Back in the day, arcades were a popular hang out spot for people of all ages. Then came game consoles for our homes and the arcade idea seemed more of an inconvenience. While the technology of current game consoles is advanced, it seemed people started missing the social ambiance of the arcade spots of the past. This prompted certain business owners to create a grown up “hang out spot” and the merge of bar/arcade initiated. As a result, vintage arcade game bars have become quite the novelty in big cities like Los Angeles featuring the most popular games from the 80s. Given the competitive nature of these games, sport bars seem to have adapted well to the addition.
Some of these bars are equipped with a couple of vintage table-top games that have at least 30 old school video games on them (thin Pacman and the very popular Don King Kong). This is a way of automatically saving space while making room for what else a restaurant/bar includes.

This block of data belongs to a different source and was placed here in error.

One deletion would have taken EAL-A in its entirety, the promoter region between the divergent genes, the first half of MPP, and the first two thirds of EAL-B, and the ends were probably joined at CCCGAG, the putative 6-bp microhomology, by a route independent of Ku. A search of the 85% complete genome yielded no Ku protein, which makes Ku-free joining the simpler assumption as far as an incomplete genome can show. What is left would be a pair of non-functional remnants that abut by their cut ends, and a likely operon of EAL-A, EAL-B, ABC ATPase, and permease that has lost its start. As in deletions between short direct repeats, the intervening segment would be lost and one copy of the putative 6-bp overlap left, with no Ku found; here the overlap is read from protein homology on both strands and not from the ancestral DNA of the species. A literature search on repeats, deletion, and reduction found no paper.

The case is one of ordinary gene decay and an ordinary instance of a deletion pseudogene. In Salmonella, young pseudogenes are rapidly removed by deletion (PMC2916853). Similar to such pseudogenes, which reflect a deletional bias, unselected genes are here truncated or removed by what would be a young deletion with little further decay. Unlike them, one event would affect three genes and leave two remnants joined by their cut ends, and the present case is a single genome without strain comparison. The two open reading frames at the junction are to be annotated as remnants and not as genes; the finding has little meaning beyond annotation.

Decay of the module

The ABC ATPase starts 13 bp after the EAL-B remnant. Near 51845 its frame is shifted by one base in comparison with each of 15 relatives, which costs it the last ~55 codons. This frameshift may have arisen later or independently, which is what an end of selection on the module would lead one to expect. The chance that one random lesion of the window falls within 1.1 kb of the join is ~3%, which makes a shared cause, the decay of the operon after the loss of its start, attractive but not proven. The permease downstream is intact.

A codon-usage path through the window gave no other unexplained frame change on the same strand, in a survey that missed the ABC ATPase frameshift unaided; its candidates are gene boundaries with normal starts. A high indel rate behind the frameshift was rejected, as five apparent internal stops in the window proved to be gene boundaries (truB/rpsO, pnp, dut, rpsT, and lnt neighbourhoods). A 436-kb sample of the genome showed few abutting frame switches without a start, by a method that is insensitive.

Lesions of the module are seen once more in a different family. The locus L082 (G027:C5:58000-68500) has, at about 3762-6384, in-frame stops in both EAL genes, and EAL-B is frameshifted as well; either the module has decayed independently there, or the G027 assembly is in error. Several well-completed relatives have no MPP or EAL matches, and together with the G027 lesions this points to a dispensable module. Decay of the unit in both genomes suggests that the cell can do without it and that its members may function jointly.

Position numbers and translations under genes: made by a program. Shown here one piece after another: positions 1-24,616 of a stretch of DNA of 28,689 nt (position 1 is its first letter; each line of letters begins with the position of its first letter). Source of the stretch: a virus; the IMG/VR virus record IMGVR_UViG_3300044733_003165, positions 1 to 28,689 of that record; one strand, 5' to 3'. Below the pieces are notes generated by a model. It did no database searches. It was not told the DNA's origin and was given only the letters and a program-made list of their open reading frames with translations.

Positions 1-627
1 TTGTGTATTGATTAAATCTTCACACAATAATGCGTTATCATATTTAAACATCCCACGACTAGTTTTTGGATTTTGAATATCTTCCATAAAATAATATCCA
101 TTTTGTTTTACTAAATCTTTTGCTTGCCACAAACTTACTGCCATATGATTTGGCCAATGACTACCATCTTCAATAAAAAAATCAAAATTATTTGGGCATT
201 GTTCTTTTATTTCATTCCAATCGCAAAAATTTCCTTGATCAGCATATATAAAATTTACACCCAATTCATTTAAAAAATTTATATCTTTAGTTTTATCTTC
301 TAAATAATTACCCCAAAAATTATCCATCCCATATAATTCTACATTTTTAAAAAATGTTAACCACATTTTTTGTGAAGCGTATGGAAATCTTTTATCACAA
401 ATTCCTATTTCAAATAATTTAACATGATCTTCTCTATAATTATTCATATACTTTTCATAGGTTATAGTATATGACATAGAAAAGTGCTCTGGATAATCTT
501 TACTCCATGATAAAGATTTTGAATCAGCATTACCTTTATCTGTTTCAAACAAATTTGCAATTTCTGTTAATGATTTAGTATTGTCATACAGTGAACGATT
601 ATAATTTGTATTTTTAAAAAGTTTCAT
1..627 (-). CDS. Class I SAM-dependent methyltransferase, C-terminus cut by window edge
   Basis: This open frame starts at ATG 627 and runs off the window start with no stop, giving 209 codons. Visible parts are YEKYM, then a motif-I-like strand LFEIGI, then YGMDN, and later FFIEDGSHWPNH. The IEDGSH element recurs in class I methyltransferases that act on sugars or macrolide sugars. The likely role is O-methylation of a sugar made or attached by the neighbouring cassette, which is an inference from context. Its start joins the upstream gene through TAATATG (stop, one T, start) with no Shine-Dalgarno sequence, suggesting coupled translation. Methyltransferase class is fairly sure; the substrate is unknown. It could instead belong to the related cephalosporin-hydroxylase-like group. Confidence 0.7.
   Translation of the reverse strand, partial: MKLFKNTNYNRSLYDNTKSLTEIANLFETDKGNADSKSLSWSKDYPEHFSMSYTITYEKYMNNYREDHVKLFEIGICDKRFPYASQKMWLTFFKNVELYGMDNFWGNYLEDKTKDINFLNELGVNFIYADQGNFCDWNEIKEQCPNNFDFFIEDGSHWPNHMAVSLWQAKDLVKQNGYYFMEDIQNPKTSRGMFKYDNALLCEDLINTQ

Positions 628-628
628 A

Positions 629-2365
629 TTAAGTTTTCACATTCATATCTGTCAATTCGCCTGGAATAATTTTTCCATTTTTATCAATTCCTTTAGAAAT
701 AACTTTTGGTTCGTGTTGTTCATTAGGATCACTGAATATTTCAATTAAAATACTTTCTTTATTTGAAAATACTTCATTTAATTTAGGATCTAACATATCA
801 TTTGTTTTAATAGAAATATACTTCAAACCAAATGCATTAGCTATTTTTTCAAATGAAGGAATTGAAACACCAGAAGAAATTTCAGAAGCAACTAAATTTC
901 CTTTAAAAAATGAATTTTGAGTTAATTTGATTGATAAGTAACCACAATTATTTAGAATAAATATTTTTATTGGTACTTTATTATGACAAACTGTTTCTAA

Other ones specialize in certain types of food or alcoholic beverage, but they sure seem to be growing in popularity. Good food, drinks, music and games in practically a grown up’s indoor playground.
OUR CLIENT: 82 ARCADE (pictured above)
We were fortunate enough to be able to work in one of these bars before they opened earlier this year. 82 Arcade in Los Angeles is centrally located in Los Angeles in the Arts District of Downtown LA and it includes a full bar featuring a rotating collection of 40 restored, playable arcade and pinball machines from the 1970s-90s. It has a shaded patio, nightly DJs and a craft cocktail program…grown up paradise.
We provided a complete audio visual system for this establishment consisting: QSC brand K-Series and Acoustic Design series speakers. Three video projectors were installed to allow the client to project live video gameplay above the bar. The system processing is handled by the award winning Q-Sys Digital Signal Processor. We provided a custom design control interface that is run from an iPad and can also be loaded onto a PC for full audio system control and input switching to the projector.